“People are dying to bring their passionate, authentic selves to their jobs. In most cases, their jobs often won’t let them. These people often represent the undervalued intellectual capital in a company. Choke personal creativity, and you choke that organization’s chance to flourish.” [x]
As the saying goes, “A good mind is a terrible thing to waste.” Sadly, most organizations, from corporations to small nonprofits to governmental agencies, are wastelands of brilliant, potentially profitable or otherwise beneficial ideas that were smothered by others before they were allowed to see the light of day.
And on a More Cheerful Note…
In the next post, I’ll share specific practices being utilized by some to create a “thinking organization that encourages discovery and celebrates new ideas and the people who generate them.” And then how they gather, vet, and prototype those ideas. I hope you'll send in suggestions for some of the best practices you've encountered, as well!
[ii] Langdon Morris, “Creating the Innovative Culture: Geniuses, Champions, & Leaders,” InnovationLabs. (2007).
[iv] Langdon Morris, “Creating the Innovative Culture: Geniuses, Champions, & Leaders,” InnovationLabs. (2007).
[vi] “50 Ways to Foster a Culture of Innovation,” Idea Champions puts it at 50-70% and Wikipedia offers the 50-90% figure.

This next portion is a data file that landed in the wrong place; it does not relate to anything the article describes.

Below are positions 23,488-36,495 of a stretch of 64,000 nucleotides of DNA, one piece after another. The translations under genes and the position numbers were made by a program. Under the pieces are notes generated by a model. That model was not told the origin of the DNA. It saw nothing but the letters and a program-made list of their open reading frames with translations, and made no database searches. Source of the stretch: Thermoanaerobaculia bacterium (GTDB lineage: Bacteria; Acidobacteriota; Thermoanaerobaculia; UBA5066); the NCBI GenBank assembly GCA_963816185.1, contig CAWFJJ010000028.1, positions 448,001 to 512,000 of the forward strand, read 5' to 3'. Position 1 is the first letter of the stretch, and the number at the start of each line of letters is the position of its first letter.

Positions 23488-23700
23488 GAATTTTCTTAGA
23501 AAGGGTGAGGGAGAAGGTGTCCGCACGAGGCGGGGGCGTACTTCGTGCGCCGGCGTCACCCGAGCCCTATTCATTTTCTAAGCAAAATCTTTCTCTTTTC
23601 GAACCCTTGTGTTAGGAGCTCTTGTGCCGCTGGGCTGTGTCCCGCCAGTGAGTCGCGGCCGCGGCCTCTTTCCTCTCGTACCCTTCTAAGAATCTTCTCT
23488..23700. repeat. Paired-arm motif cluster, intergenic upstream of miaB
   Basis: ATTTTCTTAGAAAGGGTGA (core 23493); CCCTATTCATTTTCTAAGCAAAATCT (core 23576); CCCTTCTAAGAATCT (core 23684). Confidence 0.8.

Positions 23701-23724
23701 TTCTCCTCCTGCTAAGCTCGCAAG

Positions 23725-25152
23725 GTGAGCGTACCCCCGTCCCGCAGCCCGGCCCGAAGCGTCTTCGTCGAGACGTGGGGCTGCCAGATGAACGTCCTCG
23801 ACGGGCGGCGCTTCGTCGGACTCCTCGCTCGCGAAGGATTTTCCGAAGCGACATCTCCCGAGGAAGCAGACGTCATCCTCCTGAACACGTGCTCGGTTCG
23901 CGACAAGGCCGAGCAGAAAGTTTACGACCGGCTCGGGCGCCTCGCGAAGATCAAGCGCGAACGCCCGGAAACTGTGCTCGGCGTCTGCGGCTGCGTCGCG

[vii] Langdon Morris, “Creating the Innovative Culture: Geniuses, Champions, & Leaders,” InnovationLabs. (2007).
[viii] Langdon Morris, “Creating the Innovative Culture: Geniuses, Champions, & Leaders,” InnovationLabs. (2007).
[ix] “Fostering an Innovative Company Culture,” EOS Strategies White Paper (2010) attributed to Daniel D. Elash, Ph.D., “Thought Partnerships Build A Company's Thinking Skills.” (2003).
[x] “Fostering an Innovative Company Culture,” EOS Strategies White Paper. (2010).
Subscribe to receive new blogposts below
- Adapting to Change & overcoming Fear
- Ambiguity and embracing the Unknown
- Apple and/or Steve Jobs
- Business Reports: 2010 IBM CEO & 2010 BCG
- Changing Cultures to become Innovative
- Collaboration vs. Silos
- Continuous Improvement or Process Improvement
- Creative Arts & Innovation
- Creative Genius among Staff
- Creative Problem Solving
- Creative Thinking Practices & Exercises
- Critical Thinking
- Curiosity & Asking Questions
- Divergent vs. Convergent thinking
- Employee Engagement
- Fun and innovation
- Hierarchy vs. Innovation
- How to Think Like Leonardo da Vinci
- Innovation & the Economy
- Innovation in Government
- Innovation in History
- Integrity; Following own drummer
- Langdon Morris
- Leadership & Management Best Practices
- Learning from Mistakes
- Lifelong Learning and innovation
- Mentoring and innovation
- Model Innovative Organizations
- Podcasts on innovation
- Processes and Structures for Innovation
- Redefining Innovation
- Scenario Planning
- Six Sigma and LEAN vs. innovation
- Social Change and Innovation
- Spirituality in Workplace and innovation
- Trust and Respect in Engagement and Innovation
- Types of Innovation
- Weirdness and Creativity
- Whole Brain Thinking
- YouTube Videos